STAMFORD, Conn. -- It's a rare disease that affects only 10,000 people in the United States — and an 11-year-old Stamford resident is one of them.
Kenny Backes has achromatopsia, a disease that leaves him with extremely low vision so he only can see in shades of grey. He also can be completely blinded by direct sunlight.
"Its extremely frustrating," his mother Megan said. "He can't filter light. He's never seen a rainbow."
On Saturday, the Backes family, along with friends and neighbors, is hosting a tag sale from 9 a.m. to 3 p.m. The money from the event, which also will have a basket raffle and a bake sale, will go toward Achromacorp, which is seeking a cure for achromatopsia. The tag sale will take place at 93 Ralsey Road.
According to the American Association for Pediatric Ophthalmology and Strabismus, a national organization devoted to quality eye care for children, achromatopsia is caused by an abnormality of the retina. In the retina, there are three types of cells called cones that are responsible for normal color vision. Children with achromatopsia have improperly functioning cones. Therefore, light isn't filtered, requiring people like Kenny to wear sunglasses to avoid bright light whether they are inside or outside because bright light blinds them.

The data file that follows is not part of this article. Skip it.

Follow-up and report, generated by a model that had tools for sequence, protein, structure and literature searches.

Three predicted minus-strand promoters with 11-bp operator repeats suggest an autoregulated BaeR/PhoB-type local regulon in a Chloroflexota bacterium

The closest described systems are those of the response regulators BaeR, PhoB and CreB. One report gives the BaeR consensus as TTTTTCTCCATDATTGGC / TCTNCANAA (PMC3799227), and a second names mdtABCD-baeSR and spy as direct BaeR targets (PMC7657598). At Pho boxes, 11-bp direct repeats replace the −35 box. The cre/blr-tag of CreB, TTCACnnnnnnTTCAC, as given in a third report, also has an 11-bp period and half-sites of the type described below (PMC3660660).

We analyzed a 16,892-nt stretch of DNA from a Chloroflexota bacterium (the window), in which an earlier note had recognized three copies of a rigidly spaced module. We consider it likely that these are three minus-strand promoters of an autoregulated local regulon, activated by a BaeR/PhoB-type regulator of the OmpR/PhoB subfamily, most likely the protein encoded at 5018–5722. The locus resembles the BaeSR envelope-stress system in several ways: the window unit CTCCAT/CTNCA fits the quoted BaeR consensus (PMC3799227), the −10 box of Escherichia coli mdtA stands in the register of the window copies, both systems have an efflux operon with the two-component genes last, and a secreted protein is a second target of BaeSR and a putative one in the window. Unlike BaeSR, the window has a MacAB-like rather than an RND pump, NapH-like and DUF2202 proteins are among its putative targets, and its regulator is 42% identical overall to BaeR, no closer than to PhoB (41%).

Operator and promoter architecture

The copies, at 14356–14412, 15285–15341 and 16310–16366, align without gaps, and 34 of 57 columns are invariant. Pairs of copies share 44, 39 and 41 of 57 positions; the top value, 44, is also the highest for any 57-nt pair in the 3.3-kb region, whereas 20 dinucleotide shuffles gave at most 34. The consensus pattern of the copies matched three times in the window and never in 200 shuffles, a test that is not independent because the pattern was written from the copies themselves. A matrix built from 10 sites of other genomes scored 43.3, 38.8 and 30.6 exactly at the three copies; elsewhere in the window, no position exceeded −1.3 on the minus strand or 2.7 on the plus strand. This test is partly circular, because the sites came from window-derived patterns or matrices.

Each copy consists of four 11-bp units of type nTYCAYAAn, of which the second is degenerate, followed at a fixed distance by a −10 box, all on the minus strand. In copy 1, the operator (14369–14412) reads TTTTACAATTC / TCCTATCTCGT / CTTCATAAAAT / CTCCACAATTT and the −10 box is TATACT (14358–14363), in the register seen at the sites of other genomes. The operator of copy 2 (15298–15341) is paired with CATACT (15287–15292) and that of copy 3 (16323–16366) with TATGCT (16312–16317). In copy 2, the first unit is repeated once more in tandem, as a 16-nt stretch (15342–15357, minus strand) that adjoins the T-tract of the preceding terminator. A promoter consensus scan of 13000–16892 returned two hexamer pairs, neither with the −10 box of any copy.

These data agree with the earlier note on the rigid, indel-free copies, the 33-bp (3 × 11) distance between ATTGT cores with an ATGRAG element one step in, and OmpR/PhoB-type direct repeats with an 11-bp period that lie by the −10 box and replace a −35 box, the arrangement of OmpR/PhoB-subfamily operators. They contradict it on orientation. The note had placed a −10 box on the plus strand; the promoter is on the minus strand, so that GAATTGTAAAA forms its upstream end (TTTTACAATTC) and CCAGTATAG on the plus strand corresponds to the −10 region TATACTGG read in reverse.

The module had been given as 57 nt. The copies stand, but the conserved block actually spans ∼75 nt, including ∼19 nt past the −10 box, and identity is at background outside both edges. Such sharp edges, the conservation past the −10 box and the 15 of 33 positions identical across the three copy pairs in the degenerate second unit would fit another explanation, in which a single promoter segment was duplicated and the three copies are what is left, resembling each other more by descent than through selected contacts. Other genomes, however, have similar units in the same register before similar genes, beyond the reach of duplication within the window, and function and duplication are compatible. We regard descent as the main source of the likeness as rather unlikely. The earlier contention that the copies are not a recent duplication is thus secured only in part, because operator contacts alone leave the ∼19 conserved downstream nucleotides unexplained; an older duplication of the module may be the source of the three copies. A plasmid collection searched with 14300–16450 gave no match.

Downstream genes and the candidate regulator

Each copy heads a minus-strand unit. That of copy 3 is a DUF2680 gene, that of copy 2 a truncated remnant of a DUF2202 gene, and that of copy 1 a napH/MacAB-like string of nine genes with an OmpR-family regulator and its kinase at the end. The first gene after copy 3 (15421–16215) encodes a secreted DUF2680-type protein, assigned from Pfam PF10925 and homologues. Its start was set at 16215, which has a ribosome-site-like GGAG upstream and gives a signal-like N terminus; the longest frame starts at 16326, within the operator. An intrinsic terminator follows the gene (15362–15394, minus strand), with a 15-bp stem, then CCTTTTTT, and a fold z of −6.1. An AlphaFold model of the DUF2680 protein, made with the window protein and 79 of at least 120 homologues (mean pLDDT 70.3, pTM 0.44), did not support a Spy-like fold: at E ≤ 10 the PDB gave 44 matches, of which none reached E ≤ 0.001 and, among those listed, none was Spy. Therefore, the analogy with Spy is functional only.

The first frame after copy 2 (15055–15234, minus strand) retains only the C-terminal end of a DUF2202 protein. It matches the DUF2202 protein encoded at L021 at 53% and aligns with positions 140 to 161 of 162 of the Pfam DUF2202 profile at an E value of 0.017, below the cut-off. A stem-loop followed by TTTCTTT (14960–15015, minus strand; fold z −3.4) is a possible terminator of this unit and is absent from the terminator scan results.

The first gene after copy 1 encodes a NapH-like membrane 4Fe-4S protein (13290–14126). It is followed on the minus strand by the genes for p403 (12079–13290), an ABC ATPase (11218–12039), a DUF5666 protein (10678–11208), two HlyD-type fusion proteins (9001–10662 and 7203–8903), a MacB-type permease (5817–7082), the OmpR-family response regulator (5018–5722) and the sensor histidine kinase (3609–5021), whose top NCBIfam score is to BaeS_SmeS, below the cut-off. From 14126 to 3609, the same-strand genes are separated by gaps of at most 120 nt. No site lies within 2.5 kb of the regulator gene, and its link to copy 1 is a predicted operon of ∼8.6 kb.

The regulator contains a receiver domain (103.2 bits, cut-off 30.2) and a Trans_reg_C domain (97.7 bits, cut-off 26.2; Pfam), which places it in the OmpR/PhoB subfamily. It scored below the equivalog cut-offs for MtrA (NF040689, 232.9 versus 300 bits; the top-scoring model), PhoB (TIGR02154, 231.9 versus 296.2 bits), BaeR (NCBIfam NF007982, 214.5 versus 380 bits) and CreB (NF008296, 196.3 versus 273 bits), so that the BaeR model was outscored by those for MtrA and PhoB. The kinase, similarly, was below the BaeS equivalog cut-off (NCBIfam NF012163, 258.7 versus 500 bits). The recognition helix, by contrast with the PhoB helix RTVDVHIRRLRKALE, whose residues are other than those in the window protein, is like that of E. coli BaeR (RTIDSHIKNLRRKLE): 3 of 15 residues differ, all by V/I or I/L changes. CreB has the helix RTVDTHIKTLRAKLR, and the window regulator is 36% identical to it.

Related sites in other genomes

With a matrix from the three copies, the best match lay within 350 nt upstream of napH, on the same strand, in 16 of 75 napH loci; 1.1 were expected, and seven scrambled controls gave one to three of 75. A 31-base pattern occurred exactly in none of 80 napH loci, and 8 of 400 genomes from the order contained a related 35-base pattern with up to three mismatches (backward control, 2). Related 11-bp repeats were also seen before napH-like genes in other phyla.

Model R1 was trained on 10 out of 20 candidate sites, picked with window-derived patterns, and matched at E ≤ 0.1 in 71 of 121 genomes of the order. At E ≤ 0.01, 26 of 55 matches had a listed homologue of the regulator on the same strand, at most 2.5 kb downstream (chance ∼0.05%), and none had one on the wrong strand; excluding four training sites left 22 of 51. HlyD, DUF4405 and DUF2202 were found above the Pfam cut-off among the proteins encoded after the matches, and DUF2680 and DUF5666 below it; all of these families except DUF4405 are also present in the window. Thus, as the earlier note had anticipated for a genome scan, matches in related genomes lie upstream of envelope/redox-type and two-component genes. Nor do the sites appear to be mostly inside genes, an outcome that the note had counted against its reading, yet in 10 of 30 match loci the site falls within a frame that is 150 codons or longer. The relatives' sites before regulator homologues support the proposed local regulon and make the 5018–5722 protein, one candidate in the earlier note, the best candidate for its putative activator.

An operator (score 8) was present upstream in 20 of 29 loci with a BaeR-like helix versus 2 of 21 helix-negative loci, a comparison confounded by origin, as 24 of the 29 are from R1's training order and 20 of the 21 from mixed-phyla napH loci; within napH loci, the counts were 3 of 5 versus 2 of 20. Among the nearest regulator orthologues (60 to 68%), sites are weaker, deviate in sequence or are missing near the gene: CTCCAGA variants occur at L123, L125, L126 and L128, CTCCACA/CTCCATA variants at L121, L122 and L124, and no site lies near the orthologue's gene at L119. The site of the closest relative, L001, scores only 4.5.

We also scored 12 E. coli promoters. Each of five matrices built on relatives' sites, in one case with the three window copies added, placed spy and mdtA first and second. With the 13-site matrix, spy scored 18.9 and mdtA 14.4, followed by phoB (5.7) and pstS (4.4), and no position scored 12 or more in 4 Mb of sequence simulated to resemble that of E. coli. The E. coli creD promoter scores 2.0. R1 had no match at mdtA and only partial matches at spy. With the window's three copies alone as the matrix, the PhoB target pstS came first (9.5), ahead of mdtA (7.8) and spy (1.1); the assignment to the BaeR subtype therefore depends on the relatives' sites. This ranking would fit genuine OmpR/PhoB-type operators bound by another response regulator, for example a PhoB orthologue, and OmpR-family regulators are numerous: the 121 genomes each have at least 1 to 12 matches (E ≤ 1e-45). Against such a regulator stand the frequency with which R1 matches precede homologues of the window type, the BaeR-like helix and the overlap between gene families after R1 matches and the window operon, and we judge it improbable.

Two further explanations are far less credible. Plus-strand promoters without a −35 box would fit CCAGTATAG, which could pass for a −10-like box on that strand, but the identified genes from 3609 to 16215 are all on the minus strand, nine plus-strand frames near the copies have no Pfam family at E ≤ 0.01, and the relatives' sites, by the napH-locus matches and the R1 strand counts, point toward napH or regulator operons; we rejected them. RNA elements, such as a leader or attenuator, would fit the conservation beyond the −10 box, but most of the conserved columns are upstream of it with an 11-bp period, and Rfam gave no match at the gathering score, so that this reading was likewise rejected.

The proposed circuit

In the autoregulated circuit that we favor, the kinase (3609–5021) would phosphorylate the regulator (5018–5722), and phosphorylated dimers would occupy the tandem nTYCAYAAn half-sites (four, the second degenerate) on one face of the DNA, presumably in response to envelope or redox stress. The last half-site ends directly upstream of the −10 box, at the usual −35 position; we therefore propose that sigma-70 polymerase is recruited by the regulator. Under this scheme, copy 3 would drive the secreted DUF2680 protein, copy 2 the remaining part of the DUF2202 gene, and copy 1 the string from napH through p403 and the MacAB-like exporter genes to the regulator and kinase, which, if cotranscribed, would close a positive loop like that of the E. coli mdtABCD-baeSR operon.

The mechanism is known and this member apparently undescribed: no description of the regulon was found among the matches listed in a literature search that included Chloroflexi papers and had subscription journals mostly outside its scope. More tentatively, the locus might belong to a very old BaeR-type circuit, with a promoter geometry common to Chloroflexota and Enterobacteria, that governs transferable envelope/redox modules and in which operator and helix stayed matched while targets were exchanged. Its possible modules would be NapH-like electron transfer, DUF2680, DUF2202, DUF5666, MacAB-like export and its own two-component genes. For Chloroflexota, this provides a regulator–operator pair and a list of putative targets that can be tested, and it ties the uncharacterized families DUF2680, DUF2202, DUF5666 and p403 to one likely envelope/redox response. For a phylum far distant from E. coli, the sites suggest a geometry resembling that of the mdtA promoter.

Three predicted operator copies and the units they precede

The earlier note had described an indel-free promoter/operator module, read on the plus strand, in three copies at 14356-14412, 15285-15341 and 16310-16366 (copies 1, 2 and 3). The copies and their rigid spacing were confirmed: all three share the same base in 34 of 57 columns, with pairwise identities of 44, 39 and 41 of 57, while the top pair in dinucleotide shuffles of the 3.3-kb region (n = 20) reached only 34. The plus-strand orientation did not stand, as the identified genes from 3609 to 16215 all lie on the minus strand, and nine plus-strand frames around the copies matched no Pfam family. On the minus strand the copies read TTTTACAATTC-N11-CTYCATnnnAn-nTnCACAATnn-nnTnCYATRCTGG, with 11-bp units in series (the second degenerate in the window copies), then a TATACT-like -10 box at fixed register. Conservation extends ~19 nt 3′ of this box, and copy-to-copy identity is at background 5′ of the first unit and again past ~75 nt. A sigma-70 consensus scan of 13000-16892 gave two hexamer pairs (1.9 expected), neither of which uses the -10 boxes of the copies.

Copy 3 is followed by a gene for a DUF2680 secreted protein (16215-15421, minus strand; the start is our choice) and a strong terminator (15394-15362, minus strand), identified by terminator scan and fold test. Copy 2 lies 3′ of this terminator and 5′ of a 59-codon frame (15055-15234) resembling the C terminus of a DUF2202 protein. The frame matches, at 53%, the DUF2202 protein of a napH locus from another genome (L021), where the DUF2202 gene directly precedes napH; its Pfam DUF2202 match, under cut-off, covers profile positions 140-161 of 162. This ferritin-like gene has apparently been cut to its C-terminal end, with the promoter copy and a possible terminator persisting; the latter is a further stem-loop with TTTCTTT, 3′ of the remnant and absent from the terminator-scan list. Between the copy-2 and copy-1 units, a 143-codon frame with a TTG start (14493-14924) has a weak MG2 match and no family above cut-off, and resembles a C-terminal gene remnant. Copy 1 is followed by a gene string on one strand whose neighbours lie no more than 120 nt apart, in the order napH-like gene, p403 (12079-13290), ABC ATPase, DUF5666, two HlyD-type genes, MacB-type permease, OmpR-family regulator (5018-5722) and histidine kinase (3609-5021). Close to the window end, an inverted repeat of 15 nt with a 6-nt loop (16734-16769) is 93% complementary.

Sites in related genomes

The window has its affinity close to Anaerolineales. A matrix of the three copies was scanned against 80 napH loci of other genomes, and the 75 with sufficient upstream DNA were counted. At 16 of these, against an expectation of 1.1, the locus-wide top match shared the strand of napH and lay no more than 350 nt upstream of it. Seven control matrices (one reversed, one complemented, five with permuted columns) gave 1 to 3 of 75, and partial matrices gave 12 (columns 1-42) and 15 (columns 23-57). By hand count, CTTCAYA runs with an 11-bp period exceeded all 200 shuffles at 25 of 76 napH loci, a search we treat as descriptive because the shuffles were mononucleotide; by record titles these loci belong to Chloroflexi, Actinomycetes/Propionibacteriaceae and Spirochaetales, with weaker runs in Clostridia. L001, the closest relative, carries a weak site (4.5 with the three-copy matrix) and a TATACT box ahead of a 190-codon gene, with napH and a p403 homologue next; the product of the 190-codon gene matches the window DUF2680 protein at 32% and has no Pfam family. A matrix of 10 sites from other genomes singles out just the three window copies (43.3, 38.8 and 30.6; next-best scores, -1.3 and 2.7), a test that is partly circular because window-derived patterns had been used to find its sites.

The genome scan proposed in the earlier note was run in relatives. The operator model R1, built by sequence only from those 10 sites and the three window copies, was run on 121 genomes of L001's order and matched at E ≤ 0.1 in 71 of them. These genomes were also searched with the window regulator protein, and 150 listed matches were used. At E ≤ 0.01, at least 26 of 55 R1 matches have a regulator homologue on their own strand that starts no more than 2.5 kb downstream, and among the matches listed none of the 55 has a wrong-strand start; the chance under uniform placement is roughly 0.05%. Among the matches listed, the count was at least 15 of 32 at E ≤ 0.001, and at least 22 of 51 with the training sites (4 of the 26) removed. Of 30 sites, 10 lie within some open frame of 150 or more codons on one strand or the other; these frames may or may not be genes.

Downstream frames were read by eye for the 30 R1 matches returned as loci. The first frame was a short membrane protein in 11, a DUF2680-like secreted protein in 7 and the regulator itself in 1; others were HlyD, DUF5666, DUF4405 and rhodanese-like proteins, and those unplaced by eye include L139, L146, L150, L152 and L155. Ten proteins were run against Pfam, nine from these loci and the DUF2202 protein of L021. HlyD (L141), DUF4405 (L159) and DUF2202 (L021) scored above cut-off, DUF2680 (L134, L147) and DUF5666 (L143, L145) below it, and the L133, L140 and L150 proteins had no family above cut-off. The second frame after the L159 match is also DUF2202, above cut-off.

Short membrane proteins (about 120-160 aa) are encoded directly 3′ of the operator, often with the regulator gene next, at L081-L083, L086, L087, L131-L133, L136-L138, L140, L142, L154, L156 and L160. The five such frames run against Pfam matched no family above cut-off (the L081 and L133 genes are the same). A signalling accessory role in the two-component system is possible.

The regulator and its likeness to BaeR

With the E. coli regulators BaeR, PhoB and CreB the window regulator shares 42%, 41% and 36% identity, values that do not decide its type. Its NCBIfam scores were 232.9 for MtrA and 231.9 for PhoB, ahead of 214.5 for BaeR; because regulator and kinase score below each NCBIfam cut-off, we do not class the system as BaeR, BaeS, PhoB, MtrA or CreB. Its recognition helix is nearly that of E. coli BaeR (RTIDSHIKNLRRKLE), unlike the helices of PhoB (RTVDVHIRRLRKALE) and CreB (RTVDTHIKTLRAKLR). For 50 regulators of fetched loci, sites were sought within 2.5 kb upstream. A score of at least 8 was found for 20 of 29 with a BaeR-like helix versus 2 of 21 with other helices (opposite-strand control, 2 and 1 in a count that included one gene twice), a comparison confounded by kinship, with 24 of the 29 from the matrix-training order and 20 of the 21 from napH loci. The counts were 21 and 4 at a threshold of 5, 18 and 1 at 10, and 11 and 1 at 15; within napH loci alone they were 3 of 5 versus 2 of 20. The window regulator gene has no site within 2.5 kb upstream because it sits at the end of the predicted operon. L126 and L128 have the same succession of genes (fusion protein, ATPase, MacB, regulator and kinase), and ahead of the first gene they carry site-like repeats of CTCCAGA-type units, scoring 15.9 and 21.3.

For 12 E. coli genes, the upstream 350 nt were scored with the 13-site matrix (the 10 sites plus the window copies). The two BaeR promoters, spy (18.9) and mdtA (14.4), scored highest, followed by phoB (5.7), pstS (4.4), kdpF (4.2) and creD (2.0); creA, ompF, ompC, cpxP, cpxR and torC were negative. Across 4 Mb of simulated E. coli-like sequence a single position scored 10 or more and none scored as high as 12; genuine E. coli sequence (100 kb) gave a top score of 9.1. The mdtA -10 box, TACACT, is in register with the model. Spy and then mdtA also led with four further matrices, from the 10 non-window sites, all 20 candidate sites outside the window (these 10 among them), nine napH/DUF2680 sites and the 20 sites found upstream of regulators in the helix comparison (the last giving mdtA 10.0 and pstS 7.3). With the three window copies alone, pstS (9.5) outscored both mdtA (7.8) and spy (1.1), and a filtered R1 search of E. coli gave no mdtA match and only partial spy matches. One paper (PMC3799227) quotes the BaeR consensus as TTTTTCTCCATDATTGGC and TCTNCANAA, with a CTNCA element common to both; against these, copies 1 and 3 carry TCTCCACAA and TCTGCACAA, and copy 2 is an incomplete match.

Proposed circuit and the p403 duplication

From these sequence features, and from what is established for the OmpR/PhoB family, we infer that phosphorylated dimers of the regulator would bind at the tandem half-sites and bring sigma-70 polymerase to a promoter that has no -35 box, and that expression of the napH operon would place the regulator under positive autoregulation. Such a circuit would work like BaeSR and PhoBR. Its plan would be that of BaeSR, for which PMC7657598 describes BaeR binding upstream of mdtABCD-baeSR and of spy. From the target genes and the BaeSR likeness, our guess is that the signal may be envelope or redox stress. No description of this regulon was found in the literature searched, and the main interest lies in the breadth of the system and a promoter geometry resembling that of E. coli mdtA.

Megan Backes admits she does get discouraged with his condition but said he is a healthy, happy child who is doing well academically at King School in Stamford and also wrestles and plays basketball.
"There is nothing wrong with him except his eyes," she said. "We have hope that there will be a cure very soon. They have come so far in the last few years."
The fifth-grade student loves to read and also enjoys math and science. In school, other than sitting close to the board or having a teacher give him notes to read, his school experience is just like any other student.
"I try to be as normal as possible," he said.
The family hopes to raise $5,000 at the tag sale.
"The money goes directly to the doctors," Megan Backes said about the event for the nonprofit group. "Nobody takes a salary or anything; we just fundraise. They (researchers) tell us what they need and we get it."
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